It is rare to find anyone in our communities these days who has not been impacted by mental health issues in some way so we know that many people will be feeling for those whose lives have been changed dramatically because of severe and complex mental health issues in adolesence. And particularly now for those who lost three treasured young people. So perhaps, as the news reports are filed and the lawyers quoted, we should all keep in mind that this inquest is about 

TALIEHA

WILL

and 

CAITLIN

There are many people who have never, and will never, forget them.

So may this process provide the answers that these three deserve.


Note: Coverage by the ABC Radio’s ‘The World Today’ program can be listened to by clicking here.

All reporting on this and on other issues related to severe and complex mental youth health can be found on our In the Media‘ page.

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Stage II of development of improved services begins

With the first stage of the implementation of the Barrett Inquiry recommendations predominantly completed (as Rec #1 requires a review across Queensland Health and not just in relation to youth mental health, the acceptance of the related report is still pending) it’s worth looking back on how things progressed in relation to consumer/carer involvement, thanks to the Health Consumers Queensland video put together by Leonie Sanderson. Another very interesting video on how things have progressed is that of the first Plenary Session at HCQ’s Annual Forum where the initial stage of the co-design process for youth mental health services is the focus.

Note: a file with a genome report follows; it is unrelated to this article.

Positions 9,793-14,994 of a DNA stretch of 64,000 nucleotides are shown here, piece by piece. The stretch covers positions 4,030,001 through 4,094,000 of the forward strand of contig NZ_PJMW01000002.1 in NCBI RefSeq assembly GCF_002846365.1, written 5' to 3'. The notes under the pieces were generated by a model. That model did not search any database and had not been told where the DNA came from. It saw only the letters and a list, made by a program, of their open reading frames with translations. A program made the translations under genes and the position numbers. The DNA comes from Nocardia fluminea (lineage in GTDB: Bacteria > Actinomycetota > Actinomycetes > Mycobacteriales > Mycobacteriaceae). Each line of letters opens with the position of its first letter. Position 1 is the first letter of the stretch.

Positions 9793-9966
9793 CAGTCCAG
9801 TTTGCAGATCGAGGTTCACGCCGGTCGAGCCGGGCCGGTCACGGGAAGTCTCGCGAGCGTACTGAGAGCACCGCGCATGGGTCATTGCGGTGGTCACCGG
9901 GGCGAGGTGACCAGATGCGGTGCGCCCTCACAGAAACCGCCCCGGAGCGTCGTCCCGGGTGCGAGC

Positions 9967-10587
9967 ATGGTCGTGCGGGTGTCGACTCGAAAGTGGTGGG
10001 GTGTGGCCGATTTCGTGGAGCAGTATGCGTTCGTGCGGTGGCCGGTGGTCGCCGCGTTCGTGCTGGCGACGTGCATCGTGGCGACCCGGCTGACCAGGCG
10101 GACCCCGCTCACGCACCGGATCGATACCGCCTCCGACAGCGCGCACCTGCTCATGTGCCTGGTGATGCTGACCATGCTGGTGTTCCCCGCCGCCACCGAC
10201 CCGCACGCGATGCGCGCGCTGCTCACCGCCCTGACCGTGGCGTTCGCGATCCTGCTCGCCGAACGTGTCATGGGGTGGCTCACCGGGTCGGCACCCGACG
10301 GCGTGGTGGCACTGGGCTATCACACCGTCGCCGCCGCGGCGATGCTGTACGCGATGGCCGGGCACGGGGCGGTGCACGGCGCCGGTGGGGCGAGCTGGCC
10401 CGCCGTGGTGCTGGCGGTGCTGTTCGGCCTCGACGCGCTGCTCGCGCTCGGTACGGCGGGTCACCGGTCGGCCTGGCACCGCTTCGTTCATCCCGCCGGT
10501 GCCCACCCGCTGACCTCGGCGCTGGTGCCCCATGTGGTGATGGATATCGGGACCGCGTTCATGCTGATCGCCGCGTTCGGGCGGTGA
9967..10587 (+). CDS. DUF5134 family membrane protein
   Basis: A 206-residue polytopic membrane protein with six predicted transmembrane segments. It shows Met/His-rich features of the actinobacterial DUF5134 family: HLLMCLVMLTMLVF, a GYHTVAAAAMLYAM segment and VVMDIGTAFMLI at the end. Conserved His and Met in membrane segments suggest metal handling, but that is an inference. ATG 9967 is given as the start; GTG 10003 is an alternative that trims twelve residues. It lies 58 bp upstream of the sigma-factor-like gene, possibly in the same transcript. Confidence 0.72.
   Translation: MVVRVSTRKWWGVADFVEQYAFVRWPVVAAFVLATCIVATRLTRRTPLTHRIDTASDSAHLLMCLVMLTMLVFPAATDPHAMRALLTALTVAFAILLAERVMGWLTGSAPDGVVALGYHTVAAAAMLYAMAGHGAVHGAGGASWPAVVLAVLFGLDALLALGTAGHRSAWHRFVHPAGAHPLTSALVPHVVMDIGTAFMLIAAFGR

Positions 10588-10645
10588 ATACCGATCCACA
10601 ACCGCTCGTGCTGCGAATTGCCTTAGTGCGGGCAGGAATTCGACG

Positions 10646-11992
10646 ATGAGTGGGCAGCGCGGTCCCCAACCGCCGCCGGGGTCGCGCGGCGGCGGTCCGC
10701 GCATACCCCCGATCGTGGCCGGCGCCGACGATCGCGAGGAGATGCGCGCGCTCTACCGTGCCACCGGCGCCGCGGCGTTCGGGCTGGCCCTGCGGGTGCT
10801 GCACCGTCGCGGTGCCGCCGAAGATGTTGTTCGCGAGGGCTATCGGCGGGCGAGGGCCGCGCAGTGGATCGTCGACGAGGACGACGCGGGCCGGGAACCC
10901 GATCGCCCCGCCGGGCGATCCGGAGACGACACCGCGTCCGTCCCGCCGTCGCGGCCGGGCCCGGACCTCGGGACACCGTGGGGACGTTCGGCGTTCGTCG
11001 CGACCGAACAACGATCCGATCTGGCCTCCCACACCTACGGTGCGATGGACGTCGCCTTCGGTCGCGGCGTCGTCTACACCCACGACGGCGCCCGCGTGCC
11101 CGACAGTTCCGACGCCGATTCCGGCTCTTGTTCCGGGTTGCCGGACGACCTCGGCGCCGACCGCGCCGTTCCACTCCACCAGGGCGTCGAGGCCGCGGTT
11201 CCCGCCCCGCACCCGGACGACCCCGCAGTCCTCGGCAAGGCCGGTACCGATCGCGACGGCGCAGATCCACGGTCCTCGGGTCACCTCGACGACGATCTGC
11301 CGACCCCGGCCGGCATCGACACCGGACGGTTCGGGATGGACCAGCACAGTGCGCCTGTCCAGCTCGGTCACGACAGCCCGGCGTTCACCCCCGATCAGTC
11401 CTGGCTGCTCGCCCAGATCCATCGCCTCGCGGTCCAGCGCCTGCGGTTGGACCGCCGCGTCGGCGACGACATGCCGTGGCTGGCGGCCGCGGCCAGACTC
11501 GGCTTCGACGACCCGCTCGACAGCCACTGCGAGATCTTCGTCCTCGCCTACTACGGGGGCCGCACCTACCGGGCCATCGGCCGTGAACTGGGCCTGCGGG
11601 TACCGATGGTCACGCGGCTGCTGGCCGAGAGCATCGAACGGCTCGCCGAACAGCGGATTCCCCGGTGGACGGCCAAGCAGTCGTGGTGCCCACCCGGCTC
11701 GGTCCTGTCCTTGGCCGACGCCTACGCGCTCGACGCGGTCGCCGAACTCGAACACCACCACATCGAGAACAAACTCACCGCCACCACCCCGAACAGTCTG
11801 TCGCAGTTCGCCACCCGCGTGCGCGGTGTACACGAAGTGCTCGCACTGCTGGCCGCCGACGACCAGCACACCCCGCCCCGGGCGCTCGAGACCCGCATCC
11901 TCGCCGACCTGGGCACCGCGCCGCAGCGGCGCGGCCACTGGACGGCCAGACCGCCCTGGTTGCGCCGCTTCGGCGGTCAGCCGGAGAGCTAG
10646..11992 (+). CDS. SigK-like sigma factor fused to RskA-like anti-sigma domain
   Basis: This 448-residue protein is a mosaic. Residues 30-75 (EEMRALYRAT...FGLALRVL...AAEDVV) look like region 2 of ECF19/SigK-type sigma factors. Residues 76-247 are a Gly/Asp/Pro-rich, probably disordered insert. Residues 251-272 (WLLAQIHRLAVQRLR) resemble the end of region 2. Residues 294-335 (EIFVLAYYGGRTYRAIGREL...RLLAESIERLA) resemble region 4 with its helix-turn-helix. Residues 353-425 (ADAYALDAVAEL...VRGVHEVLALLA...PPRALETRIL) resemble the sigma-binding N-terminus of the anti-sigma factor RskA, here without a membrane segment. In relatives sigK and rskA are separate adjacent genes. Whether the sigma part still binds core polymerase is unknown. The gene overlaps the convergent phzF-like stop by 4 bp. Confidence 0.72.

There seems to be unanimous agreement on the success so far of the involvement of those with lived experience – particularly in relation to the value placed on and respect given to consumer/carer participants. So the natural progression has been that the new committees and working groups currently being put together to work on the next stage of service development will again include a number of consumer and carer representatives.  Following the call for Expressions of Interest from people interested in taking on roles in the upcoming process, the resulting group of individuals selected has created a useful mix of those who were involved with the initial stage and new contributors. This bodes well for input that will represent a range of perspectives as well as the positive outcomes that can come from the productive combination of fresh ideas and experience.

Orientation Meeting

In order to acquaint all the successful consumer/carer reps for the next stage with
(a) the upcoming process
(b) each other and
(c) the relevant government staff members (from the Education Department and Capital Works as well as, of course, from Queensland Health)
an Orientation Meeting was held on the 6th of October.

As well as covering the necessary administrative issues, participants were able to connect with each other and with Leonie Sanderson and Melissa Fox of Health Consumers Queensland (HCQ) – who will again be facilitating the consumer/carer engagement. There was also a preliminary presentation on the overview of the program of work to be undertaken and the consumer/carer roles within that.